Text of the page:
What Characteristics Make Good Agile Acceptance Criteria?

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Good Acceptance Criteria will help get your Agile project from “It Works as Coded” to “It Works as Intended.”  Read on and see how.

A User Story is a description of an objective a person should be able to achieve, or a feature that a person should be able to utilize, when using a software application.

User Stories have been classically written in the following form:

As an I want so that

For example:

As an Administrator, I want to be able to create User Accounts so that I can grant users access to the system.

A User Story cannot stand alone, however. It must be accompanied by “good” Acceptance Criteria to provide a way to clearly demonstrate if the Project Team has indeed made the User Story come true.

What Are These Acceptance Criteria and What Makes a “Good” One?

Microsoft Press defines Acceptance Criteria as “Conditions that a software product must satisfy to be accepted by a user, customer or other stakeholder.” Google defines them as “Pre-established standards or requirements a product or project must meet.”

Acceptance Criteria are a set of statements, each with a clear pass/fail result, that specify both functional (e.g., minimal marketable functionality) and non-functional (e.g., minimal quality) requirements applicable at the current stage of project integration. These requirements represent “conditions of satisfaction.” There is no partial acceptance: either a criterion is met or it is not.

These criteria define the boundaries and parameters of a User Story/feature and determine when a story is completed and working as expected. They add certainty to what the team is building.

Acceptance Criteria must be expressed clearly, in simple language the customer would use, just like the User Story, without ambiguity as to what the expected outcome is: what is acceptable and what is not acceptable. They must be testable: easily translated into one or more manual/automated test cases.

Acceptance Criteria may reference what is in the project’s other User Stories or design documents to provide details, but should not be a re-hash of them. They should be relatively high-level while still providing enough detail to be useful. They should include:

  • Functional Criteria: Identify specific user tasks, functions or business processes that must be in place. A functional criterion might be “A user is able to access a list of available reports.” A non-functional criterion might be “Edit buttons and Workflow buttons comply with the Site Button Design.”
  • Non-functional Criteria: Identify specific non-functional conditions the implementation must meet, such as design elements. A non-functional criterion might be “Edit buttons and Workflow buttons comply with the Site Button Design.”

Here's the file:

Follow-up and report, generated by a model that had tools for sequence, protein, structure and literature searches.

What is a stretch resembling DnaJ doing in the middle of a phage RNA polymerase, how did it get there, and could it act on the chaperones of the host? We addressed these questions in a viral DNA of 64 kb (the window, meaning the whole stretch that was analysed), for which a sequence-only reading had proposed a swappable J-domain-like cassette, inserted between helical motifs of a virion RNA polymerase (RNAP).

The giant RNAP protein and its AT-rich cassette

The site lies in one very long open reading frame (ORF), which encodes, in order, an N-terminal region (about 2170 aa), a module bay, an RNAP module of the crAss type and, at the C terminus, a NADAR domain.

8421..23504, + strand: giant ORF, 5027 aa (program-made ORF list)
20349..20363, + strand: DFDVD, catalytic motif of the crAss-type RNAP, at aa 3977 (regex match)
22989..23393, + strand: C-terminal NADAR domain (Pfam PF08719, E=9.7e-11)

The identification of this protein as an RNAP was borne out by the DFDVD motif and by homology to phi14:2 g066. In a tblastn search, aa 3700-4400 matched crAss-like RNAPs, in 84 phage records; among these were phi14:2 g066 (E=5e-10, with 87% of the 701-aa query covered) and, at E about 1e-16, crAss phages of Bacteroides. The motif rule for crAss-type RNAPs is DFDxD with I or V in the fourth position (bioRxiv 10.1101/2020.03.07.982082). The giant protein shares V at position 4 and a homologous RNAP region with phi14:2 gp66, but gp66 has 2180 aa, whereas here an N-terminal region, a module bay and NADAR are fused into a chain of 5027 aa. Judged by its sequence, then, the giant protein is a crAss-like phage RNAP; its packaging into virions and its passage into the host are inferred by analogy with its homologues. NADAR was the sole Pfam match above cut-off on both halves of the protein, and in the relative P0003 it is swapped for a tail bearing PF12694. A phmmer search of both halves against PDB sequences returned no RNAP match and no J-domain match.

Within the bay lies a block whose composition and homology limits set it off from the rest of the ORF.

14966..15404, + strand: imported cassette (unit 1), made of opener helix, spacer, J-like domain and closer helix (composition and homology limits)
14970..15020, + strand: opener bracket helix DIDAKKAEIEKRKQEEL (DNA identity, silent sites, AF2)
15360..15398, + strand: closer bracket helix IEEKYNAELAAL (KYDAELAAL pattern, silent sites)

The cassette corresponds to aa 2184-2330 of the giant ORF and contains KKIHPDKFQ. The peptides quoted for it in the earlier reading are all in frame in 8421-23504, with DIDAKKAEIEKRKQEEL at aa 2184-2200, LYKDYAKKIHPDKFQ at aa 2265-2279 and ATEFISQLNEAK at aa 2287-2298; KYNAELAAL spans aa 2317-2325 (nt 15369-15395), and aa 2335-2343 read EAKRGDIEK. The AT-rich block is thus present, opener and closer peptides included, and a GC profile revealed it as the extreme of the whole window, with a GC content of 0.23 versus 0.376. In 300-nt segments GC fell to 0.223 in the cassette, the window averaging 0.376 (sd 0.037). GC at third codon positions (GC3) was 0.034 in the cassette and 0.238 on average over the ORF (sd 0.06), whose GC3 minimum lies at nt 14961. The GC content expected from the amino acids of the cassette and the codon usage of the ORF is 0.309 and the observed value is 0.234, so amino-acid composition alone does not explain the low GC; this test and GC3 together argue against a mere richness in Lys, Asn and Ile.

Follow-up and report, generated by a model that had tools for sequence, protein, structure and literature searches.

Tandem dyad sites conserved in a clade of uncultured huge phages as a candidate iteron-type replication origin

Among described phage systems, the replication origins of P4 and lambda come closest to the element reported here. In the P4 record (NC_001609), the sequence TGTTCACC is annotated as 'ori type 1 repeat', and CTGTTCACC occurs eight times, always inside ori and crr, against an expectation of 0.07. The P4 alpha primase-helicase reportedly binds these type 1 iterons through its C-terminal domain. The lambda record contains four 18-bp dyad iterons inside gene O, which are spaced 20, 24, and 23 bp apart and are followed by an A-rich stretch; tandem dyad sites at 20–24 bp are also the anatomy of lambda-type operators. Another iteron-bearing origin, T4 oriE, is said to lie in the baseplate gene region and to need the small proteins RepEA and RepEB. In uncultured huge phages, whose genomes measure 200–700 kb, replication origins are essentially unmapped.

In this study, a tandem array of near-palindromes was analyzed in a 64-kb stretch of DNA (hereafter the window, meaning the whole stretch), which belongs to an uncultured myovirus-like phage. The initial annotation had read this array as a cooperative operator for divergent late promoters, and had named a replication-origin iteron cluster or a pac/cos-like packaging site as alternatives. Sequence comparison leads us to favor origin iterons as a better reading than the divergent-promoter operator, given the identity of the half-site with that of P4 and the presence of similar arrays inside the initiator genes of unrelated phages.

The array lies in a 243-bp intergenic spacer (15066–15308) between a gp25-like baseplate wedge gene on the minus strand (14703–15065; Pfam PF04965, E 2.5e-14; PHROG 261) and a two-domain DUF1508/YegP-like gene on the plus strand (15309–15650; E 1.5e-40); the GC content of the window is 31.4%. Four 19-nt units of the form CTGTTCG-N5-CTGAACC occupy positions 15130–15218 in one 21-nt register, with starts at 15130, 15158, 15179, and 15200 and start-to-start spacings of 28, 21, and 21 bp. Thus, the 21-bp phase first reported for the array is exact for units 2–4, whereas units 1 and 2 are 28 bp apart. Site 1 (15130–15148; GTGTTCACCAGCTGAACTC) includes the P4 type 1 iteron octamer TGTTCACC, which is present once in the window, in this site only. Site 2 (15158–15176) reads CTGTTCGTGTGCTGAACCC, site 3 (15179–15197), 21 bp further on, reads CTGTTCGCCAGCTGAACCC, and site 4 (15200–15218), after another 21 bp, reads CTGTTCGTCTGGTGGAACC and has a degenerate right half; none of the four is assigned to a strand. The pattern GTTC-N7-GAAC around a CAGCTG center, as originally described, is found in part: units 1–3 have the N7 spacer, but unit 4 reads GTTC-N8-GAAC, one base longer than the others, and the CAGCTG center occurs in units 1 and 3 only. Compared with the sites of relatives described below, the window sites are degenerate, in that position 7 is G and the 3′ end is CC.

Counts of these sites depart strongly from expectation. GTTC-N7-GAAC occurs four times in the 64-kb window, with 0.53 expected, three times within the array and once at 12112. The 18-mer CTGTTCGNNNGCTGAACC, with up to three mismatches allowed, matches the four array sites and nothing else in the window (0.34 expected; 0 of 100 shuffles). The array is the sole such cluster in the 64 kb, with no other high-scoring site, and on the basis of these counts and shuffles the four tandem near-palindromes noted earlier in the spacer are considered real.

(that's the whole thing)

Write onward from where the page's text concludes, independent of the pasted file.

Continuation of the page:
• Performance Criteria: If specific performance is critical to the acceptance of a user story, it should be included. This is often measured as a response time, and should be spelled out as a threshold such as “1-2 seconds for a query response.”

Acceptance Criteria should state intent, but not a solution (e.g., “A manager can approve or disapprove an audit form” rather than “A manager can click an ‘Approve/Disapprove’ radio button to approve an audit form”). The criteria should be independent of the implementation: ideally the phrasing should be the same regardless of target platform.

An Example

Acceptance Criteria for the User Story at the beginning of this article might look like the following:

  1. If I am an Administrator, I can create User Accounts.
  2. I can create a User Account by entering the following information about the User: a. Name, b. Email address, c. Phone Number d. License Number (Power/Basic/None), e. Account Status (Active/Inactive), f. Reports to (from a list of “Active” Users)
  3. I cannot assign a new User to report to an “Inactive” User
  4. I cannot assign a new User to report to a User if it creates a cyclical relationship (e.g., User 1 reports to User 2 who reports to User 1
  5. The system notifies me that it sent an email to the new User’s email address, containing a system-generated initial password and instructions for the person to log in and change their password.
  6. I am able to verify with the intended recipient of the email that it was received.

Apply these ideas to your Agile project and you will quickly transform it from “It Works as Coded” to “It Works as Intended.”

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